NSW School Students Health Behaviours Survey (SAPHaRI). Centre for Epidemiology and Evidence, NSW Ministry of Health.
Self-completed data were collected through pen and paper questionnaires administered within secondary schools. Estimates were weighted to adjust for differences in the probability of selection among respondents and benchmarked to the estimated secondary school student population using the latest available Australian Bureau of Statistics estimates.
The 2017 School Students Health Behaviours Survey represents the twelfth survey of a series that commenced in 1984. It captures information on a wide range of health behaviours, including smoking, alcohol consumption, and illicit drug use in New South Wales. This section describes the methods of data collection and analysis.
The target population was all students in Years 7-12 enrolled during the period February to December 2017 in New South Wales. Schools with fewer than 100 students were not included in the survey. Language schools were also excluded from the sampling frame.
The survey used a 2-stage probability sampling procedure: schools were selected first; students within schools were selected second. Schools were stratified by the three sectors (Government, Catholic, and Independent) and randomly selected within each sector. The sampling procedure ensured the distribution of schools among the three sectors was reflected in the sample. Two samples were drawn: junior secondary (Years 7 to 10) and senior secondary (Years 11 and 12).
The target school sample was 126 secondary schools in 2008, 2011, 2014, and 2017. In 2017, to try and achieve this target, 764 schools were approached (437 in 2014) and 94 schools agreed to participate (112 in 2014), giving an overall response rate of 12.3 per cent (26% in 2014). The survey was conducted between May and December 2017.
The questionnaire and survey procedures were approved by the Human Research Ethics Committees of the Cancer Council Victoria, the NSW Population and Health Research Ethics Committee, and the NSW Department of Education and Communities. The survey was also endorsed by the Catholic Education Commission and the Association of Independent Schools of New South Wales.
Principals of selected schools were contacted by the NSW Ministry of Health's Centre for Epidemiology and Evidence to obtain permission to conduct the survey at their schools. If a school refused, they were replaced by the school nearest to them within the same sector. The aim was to survey 80 students from each participating school. For junior secondary, one class of 20 students (and 20 replacements) were randomly selected from each of Years 7-10; for senior secondary, two classes of 20 students (or 40 students and 40 replacements) were randomly selected from each of Years 11-12. A brochure and consent form was sent to the parents of each selected student and replacement. Consent forms were returned to the school and the school held the list of students who had parental consent. Written consent was sought from students with parental consent before the survey.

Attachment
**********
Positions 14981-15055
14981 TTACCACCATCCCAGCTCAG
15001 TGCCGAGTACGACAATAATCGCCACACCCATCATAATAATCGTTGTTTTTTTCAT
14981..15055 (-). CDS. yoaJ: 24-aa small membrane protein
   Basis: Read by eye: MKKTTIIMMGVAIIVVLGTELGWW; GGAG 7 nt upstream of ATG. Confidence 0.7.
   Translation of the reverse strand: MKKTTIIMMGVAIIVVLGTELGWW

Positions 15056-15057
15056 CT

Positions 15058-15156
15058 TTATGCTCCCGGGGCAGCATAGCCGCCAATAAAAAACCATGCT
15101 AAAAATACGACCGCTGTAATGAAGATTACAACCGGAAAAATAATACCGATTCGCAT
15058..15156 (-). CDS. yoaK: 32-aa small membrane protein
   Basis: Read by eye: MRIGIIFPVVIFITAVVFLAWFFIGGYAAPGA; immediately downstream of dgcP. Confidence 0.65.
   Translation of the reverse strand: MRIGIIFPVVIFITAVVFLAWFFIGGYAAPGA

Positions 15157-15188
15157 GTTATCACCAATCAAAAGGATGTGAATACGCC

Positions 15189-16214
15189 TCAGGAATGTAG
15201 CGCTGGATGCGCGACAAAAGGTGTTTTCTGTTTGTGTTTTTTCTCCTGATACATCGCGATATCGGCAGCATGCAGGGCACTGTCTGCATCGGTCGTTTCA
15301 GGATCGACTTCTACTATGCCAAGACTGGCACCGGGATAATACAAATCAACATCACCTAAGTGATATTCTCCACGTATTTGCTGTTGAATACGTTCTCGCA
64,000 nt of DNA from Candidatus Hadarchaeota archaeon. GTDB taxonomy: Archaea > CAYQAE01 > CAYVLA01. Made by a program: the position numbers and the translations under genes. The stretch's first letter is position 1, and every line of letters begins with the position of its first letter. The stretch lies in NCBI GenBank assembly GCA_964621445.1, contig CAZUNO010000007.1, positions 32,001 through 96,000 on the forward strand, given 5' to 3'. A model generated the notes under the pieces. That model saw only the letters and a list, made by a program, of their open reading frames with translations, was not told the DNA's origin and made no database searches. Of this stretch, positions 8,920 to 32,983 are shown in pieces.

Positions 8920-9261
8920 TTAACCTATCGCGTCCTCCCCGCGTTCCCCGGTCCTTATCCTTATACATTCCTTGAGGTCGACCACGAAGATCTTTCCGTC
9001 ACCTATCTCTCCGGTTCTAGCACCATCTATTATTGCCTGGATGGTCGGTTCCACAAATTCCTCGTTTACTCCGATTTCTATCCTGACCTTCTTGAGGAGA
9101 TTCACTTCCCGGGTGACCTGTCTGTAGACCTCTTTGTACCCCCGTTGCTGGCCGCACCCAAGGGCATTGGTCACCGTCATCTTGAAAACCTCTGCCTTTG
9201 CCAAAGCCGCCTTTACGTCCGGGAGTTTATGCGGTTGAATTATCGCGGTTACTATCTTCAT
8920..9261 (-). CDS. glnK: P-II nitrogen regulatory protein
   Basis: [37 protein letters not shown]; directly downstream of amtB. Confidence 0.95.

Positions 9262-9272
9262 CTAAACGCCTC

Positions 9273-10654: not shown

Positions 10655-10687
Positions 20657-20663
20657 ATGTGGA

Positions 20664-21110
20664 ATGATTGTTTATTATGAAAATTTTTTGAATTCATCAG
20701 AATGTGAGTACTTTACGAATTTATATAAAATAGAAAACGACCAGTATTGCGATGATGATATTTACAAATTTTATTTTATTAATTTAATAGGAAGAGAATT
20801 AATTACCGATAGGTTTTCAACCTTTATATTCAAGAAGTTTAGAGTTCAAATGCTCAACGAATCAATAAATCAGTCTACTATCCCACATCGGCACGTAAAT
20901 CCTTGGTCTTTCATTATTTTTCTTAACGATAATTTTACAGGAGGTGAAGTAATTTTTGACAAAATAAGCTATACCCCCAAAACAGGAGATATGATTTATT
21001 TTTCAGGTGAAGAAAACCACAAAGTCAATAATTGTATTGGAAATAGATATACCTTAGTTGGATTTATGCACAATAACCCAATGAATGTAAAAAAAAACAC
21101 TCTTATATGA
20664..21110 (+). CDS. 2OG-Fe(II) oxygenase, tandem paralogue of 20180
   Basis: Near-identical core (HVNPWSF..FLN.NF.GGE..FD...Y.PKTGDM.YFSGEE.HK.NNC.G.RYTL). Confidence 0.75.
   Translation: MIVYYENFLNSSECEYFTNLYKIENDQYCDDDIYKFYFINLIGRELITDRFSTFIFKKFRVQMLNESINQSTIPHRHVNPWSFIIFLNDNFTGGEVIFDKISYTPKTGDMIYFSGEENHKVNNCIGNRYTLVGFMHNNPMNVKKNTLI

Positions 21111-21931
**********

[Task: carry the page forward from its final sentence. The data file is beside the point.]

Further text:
In 2017, McNair Ingenuity Research Pty Ltd was contracted to administer the pencil-and-paper questionnaire on the school premises. If a student from the sample list was not present at the time of the survey, a student from the replacement list for that year was surveyed. Students from different years were surveyed together. Students answered the questionnaire anonymously.
The survey instrument was a written self-completion questionnaire, which included questions on alcohol, demographics, height and weight, injury, nutrition, physical activity, psychological distress, sedentary behaviour, substance use, sun protection (including sunburn experience and solarium use), and tobacco use.
Responses were coded and the data entered onto a database by the Centre for Behavioural Research in Cancer at The Cancer Council Victoria. After data entry, the data were cleaned and prepared for data analysis. Students whose questionnaires had a large amount of missing data or whose responses were extreme were removed from the dataset before analyses started. In the analysis, responses were excluded if the respondent gave contradictory or multiple responses or did not answer the question. However, these respondents remained in the analysis for the questions that they had validly completed. Cleaning of data relating to questions about the use of alcohol, tobacco, or other substances involved checking for inconsistencies in reported use across time periods (lifetime, year, month, and week). This cleaning procedure ensured maximum use of data and operated on the principle that the student's response about personal use in the most recent time period was accurate.
School students aged 12-17 years were included in the analysis. To ensure that disproportionate sampling of any school type, age level, and gender grouping, did not bias the prevalence estimates, data were weighted to bring the achieved sample into line with the population distribution. Reported prevalence estimates are based on these weighted data. Information about the enrolment details of male and female students in each age group at Government, Catholic and Independent schools was obtained from the Australian Bureau of Statistics (ABS Cat no. 4221.0, 2017)
Data were analysed using SAS version 9.4 (SAS Institute 2012). The SURVEYMEANS procedure in SAS was used to analyse the data and calculate point estimates and 95 per cent confidence intervals for the estimates. The SURVEYMEANS procedure calculates standard errors adjusted for the survey's design. It uses the Taylor expansion method to estimate sampling errors of estimators based on the stratified random sample (SAS Institute 2009). Estimates are presented for each response or indicator and by age group, sex, Local Health District (LHD) group and year where possible. Although figures are provided in every instance in the tables, if the estimates are not reliable because of small sample sizes the estimate is not shown in the graph. Where possible, indicators have been aligned with those collected previously, so that trends can be examined. Analysis of change over time is compared across two time periods, between the base survey year and current survey year, and between the previous survey year and the current survey year. The base survey year for particular indicators may vary, as the survey instrument has changed over time.